There are an estimated 77,000 pizzerias, including chain restaurant locations, around the U.S., and while a pie from Domino’s or Papa John’s will probably be pretty much identical from one corner of the country to another, every independent pizza shop goes its own way, depending on its oven, the nature of its crust, the toppings the pizza-maker (or customer) chooses to add.
An individual pizzaiolo’s preferences aren’t the only determining factor when it comes to pizza variety, however. Around the country today, there are restaurants (and also sometimes food trucks or stands) specializing in more-or-less authentic Neapolitan-, Sicilian-, even Argentinean-style pizza. (If you’re looking for pizza abroad, these are the best pizzerias in the world.)
Beyond those U.S.-made versions of classic pizzas from elsewhere, the American pizza scene is full of distinct regional variations – some of which would doubtless elicit expressions of scorn or even disbelief from Italian pizza connoisseurs, but all of which elaborate or improvise or simply riff on the Italian original in ways that make it something new and different. (This is the most popular pizza in every state.)
To compile a list of 15 of the best regional pizza styles in America – and there are many more – 24/7 Tempo consulted websites including The Daily Meal, Food & Wine, Serious Eats, Goldbelly, Mashed, and Atlas Obscura.
Different regions express their pizza preferences through the texture and composition of the crust, the type(s) of cheese favored, the herbs and spices added to the sauce, the order in which ingredients are applied, and of course the ingredients themselves. Are these variations “authentic?” Yes. Each one is an authentic expression of the culture of the place where it was born.
This upstate New York metropolis is most famous in the food world for its chicken wings, of course, but it’s a serious pizza town, too. The local pies tend to have light-textured crusts, with cheese reaching all the way to the edges. Pepperoni cups are a popular topping.
Thank Wolfgang Puck (and his first pizza chef, Ed LaDou) at the original Spago in West Hollywood for this variation – basically a crisp, bready crust with non-traditional toppings, like goat cheese or duck sausage or, most famously, the “Jewish pizza” combining smoked salmon, crème fraîche, and dill (sometimes with caviar added). The California Pizza Kitchen chain (where LaDou later consulted) took the idea and ran with it – hence Korean BBQ steak pizza, etc.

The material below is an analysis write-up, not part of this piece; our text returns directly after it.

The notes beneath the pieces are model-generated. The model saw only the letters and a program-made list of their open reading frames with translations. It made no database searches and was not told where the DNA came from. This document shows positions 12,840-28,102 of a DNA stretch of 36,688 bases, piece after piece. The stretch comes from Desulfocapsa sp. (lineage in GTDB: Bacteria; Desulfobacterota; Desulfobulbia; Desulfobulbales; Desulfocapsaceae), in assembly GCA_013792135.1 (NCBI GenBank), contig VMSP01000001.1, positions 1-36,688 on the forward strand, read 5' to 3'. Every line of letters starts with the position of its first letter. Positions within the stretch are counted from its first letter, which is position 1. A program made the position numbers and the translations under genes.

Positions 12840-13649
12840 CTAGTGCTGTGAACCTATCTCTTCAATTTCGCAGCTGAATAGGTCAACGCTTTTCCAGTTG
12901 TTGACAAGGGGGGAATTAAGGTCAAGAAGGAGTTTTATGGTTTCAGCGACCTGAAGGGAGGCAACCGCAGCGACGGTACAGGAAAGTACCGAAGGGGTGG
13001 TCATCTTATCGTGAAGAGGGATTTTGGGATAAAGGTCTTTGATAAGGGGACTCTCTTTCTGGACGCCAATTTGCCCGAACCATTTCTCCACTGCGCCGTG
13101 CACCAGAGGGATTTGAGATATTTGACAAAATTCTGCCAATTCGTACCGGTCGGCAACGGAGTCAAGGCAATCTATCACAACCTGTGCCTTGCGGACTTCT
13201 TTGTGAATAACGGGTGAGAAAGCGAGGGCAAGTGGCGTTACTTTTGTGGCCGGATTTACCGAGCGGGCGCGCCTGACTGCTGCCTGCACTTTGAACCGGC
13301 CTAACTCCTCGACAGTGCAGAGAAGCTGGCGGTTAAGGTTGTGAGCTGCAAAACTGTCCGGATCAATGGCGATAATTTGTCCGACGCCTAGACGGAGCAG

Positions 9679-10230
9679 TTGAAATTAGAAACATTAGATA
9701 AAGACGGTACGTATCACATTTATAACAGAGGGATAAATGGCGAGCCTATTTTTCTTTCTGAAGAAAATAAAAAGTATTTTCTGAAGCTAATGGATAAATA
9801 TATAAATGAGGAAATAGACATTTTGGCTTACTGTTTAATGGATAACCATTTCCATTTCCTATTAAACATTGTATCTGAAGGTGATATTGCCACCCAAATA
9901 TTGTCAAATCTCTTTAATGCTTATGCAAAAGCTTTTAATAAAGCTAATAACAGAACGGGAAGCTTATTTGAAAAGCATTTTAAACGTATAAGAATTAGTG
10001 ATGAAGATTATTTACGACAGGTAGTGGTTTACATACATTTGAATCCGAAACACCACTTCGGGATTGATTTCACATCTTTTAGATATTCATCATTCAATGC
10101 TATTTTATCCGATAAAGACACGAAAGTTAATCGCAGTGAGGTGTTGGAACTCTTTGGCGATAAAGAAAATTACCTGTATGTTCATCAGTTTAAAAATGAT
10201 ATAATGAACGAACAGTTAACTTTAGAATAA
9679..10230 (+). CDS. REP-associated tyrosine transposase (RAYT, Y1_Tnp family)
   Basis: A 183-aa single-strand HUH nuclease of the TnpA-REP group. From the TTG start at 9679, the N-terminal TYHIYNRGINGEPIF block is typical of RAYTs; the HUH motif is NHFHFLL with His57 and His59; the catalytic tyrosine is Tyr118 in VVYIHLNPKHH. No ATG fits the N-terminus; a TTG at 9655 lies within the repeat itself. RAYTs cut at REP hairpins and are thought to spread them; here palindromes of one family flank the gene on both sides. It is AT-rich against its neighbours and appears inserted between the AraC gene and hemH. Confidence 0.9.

The Windy City actually claims three pizza styles – thin-crust (with a crust that is indeed very thin), usually cut into squares; deep-dish – which some pizza fans deride as “a casserole, not a pizza” (and indeed it bears little resemblance the the majority of other pizzas); and stuffed, which is like an extra-deep deep-dish with a layer of dough on top of the copious fillings. The variety best-known outside Chicago itself is the deep-dish, which dates back to the 1920s or ’30s, depending on who you believe.
Colorado (mountain pie)
Rarely if ever seen outside its home state, this is pie with a thick, braided crust enriched with honey, topped with an overabundance of cheese, meat, and other ingredients (the crust acts as a buffer to keep the toppings on the pizza). Beau Jo’s in Idaho Springs claims authorship of this style.
Ohio is an unlikely innovator in the pizza world, with at least four regional styles of its own – Brier Hill (from Youngstown), Ohio Valley (born in Steubenville; see below), Columbus, and this unmistakable variation – with a crisp, cracker-thin crust and toppings that cover even square centimeter (sausage, meatballs, and pepperoni are popular). Dayton pizza is served “party cut” – in small, almost bite-size squares.
This unmistakable pizza style involves a thick focaccia-like crust baked in a steel pan so the edges darken and crisp up. Ample cheese covers the whole surface and a dense tomato sauce is baked on top of the cheese.
Long Island (Grandma style)
This is a pizza based on the improvised versions Italian immigrants, mostly on Long Island, used to make at home. The crust is typically medium-thick, and the most common toppings are simply cheese and tomato sauce (the latter sometimes spread on top of the cheese).